[Haskell-beginners] making translation from imperative code

Michael Mossey mpm at alumni.caltech.edu
Tue Mar 31 08:54:12 EDT 2009

I'm translating a Python program into Haskell, and running into a 
problem---a type of code where I don't know how to make the conceptual 

The Python code does a graphical layout of a music score. There is a 
loop in which it add items (chords, symbols, text, etc.) one at a time, 
moving to the right, until it reaches the end of the line. So in typical 
imperative code, we have a bunch of loop state, such as

    - xpos of last chord or symbol placed
    - time of last chord or symbol placed
    - several StaffData objects, each containing the symbols that went
      on that particular staff
    - a cache of miscellaneous information about each symbol for later

So imperative code is pretty simple: loop, and each time update the 
state. Much of this state consists of lists  to which symbols are added 
once per loop.

I'm not sure how to conceive of this problem in Haskell. Without using 
mutable variables, I would have to "rebuild" the state on each loop. I 
can do that, but I don't want to see an ugly proliferation of variables.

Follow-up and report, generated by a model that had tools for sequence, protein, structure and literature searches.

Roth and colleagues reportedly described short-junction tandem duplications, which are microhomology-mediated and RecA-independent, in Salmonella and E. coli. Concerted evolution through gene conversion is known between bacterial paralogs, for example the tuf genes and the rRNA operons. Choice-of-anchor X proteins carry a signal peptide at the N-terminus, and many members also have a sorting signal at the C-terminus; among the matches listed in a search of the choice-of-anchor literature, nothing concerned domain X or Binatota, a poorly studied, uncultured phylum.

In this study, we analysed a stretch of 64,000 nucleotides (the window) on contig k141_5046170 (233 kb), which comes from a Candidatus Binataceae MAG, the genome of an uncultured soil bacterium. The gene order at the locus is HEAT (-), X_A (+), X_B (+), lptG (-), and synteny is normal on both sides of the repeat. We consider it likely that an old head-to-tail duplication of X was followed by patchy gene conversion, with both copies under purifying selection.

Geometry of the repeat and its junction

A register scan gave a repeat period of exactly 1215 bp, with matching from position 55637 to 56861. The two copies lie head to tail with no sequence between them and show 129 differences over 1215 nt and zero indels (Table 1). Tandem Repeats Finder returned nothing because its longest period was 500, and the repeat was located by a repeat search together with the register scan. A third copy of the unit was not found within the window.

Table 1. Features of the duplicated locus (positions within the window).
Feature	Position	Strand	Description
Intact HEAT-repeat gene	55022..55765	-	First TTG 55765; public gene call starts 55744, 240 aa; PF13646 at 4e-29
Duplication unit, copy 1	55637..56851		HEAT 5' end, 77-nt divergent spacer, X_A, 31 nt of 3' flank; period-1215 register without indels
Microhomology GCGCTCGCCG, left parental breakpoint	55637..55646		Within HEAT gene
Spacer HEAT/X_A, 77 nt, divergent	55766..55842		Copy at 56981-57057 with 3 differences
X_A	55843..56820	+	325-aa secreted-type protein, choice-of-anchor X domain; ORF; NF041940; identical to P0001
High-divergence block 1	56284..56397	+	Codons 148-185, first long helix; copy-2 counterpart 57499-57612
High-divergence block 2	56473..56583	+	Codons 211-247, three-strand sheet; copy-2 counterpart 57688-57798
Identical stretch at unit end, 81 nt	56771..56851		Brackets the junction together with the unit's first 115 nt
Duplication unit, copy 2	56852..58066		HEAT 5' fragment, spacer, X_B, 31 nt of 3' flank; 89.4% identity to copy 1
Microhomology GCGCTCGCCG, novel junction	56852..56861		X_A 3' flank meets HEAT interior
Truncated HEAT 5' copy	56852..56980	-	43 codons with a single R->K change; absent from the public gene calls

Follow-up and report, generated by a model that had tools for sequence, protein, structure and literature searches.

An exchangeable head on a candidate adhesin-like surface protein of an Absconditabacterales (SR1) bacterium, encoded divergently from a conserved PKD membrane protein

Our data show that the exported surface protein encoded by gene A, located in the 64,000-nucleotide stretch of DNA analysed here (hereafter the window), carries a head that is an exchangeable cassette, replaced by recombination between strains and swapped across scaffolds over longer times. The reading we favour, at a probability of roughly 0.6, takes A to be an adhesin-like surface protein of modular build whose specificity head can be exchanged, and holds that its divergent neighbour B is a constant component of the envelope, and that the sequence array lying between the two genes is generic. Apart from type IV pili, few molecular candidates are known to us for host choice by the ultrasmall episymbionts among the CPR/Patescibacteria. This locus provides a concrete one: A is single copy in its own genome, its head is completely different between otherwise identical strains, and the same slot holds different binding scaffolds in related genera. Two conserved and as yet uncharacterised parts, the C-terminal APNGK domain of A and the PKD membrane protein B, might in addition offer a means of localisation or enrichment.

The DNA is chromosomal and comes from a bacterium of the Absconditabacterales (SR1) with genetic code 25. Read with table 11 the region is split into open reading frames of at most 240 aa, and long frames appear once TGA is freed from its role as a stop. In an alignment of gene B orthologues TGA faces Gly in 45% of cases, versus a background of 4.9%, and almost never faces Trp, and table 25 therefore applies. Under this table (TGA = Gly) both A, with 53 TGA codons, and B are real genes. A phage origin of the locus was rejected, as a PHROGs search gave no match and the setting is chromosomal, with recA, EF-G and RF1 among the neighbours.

I would like to encapsulate the state in a single object so I can pass 
it around as a single variable, like

LoopState = LoopState {
      lastXPos :: Int,
      lastTime :: Double,
      staffDataLists :: [ ( String, StaffData ) ],
      chunkCache :: [ ( Double, Chunk ) ]

So lets say I have an instance of this call x. Let's say I want to 
create y, by "updating" lastXPos. Do I have to do something like this:

newLastXPos = 25
y = LoopState ( newLastXPos, lastTime x, staffDataLists x,
                 chunkCache x )

Obviously this is verbose compared to an imperative language in which 
one would say:
newLastPos = 25
x.setLastXPos( newLastXPos )

I am aware that Haskell provides some mutable structures, but part of 
what drew me to Haskell was the benefit of avoiding mutable data 
(reducing bugs and making it easier to reason about my program's 
behavior). Are there any shortcuts for doing things like the above?


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